Tesla CEO Elon Musk has reportedly accepted a deal with the SEC, two days after turning down the deal down, claiming initially that he could not “live with the idea.”
Elon Musk, the CEO of electric-car manufacturer Tesla, has reportedly reached a settlement with the SEC over charges of fraud relating to a tweet in which Musk claimed to have the “funding secured” to take Tesla private. Musk was offered a no-guilt settlement deal by the SEC, but pulled out of the agreement at the last minute. CNBC reported that under the terms of the deal Musk would be forced to pay a fine and he would be barred from acting as the chairman of Tesla for two years — although he would still maintain his role as CEO and he would not have to admit guilt in the matter.
Musk initially did not accept the deal because in doing so he would “not be truthful to himself,” and would not be able to “live with the idea that he agreed to accept a settlement and any blemish associated with that.” Now, it appears that the Tesla CEO has accepted the SEC deal. The Verge reports that under the agreements of the deal, Musk will be barred from acting as the chairman of Tesla but will continue to act as CEO. Tesla will also appoint two independent chairmen to the board.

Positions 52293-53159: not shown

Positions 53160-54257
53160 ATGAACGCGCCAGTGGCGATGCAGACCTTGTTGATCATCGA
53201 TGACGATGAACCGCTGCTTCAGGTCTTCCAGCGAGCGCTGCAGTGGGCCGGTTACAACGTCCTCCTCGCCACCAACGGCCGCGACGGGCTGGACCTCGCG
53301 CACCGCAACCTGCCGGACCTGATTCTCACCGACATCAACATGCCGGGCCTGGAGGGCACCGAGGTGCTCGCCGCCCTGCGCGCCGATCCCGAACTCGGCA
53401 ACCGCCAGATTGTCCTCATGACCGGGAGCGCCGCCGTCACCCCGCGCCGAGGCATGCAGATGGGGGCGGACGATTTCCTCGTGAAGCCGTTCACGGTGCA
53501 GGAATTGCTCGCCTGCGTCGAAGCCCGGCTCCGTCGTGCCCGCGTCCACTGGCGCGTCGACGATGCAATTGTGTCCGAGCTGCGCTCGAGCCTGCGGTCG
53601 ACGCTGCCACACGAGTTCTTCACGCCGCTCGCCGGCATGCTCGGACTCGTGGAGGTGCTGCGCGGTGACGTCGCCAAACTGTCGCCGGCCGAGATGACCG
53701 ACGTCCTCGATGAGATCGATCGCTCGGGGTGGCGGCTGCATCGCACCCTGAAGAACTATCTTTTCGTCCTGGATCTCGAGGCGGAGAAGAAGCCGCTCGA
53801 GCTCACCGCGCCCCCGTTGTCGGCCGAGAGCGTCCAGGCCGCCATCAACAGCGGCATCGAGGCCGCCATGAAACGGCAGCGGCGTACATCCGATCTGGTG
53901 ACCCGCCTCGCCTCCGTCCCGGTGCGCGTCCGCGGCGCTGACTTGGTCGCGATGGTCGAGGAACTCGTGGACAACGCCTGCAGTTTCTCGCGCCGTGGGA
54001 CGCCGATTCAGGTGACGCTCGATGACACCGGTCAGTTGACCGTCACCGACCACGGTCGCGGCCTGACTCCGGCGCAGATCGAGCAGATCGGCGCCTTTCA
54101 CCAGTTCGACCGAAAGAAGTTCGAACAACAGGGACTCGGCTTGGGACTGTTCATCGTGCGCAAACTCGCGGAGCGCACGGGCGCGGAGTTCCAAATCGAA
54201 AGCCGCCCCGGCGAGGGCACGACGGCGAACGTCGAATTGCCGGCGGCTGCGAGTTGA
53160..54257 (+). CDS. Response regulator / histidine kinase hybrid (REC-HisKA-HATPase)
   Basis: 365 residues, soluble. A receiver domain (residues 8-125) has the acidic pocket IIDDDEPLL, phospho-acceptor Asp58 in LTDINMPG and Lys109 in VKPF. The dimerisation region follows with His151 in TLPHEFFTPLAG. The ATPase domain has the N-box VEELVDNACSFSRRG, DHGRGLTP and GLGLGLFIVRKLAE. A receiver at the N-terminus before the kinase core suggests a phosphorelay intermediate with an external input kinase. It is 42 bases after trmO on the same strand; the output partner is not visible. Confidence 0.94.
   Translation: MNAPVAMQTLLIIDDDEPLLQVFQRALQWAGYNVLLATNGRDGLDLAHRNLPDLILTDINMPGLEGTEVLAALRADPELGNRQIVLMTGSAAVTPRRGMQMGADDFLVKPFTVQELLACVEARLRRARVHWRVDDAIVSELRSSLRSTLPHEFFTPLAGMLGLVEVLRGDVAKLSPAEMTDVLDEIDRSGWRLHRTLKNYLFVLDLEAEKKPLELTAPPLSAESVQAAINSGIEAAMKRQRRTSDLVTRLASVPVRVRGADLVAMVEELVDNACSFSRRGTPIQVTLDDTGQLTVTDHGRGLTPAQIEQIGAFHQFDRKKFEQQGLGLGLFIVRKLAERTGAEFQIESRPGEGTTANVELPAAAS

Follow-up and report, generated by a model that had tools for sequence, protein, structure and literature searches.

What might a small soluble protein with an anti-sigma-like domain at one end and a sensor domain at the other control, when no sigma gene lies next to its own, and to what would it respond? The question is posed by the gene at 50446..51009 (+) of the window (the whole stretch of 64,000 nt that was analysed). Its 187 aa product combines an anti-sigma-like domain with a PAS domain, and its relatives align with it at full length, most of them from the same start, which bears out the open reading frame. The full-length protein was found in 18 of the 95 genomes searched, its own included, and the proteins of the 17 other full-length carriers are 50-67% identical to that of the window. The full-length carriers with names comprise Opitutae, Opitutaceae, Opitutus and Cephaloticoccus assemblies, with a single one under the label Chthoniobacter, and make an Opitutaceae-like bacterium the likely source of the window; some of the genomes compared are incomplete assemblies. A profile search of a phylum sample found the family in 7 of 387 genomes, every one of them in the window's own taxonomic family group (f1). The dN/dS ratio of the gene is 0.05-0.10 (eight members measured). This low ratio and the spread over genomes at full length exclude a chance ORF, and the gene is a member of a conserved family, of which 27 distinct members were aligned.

Both Musk and Tesla will pay a $20 million fine to “be distributed to harmed investors under a court-approved process,” the SEC stated. Stephanie Avakian, co-director of the SEC’s enforcement division, said in a statement: “The total package of remedies and relief announced today are specifically designed to address the misconduct at issue by strengthening Tesla’s corporate governance and oversight in order to protect investors.”
As part of the agreement, Musk has agreed that he would not “admit nor deny” guilt in relation to the charges, something which was a huge issue for the CEO and a key factor in him walking away from the deal initially. The first hearing in relation to the SEC’s case against Musk was set to take place on Friday.
The Department of Justice is reportedly still investigating Tesla and a number of investors have sued Musk for alleged losses relating to market manipulation. Tesla also still faces lawsuits from investors claiming securities fraud.
Lucas Nolan is a reporter for Breitbart News covering issues of free speech and online censorship. Follow him on Twitter @LucasNolan or email him at firstname.lastname@example.org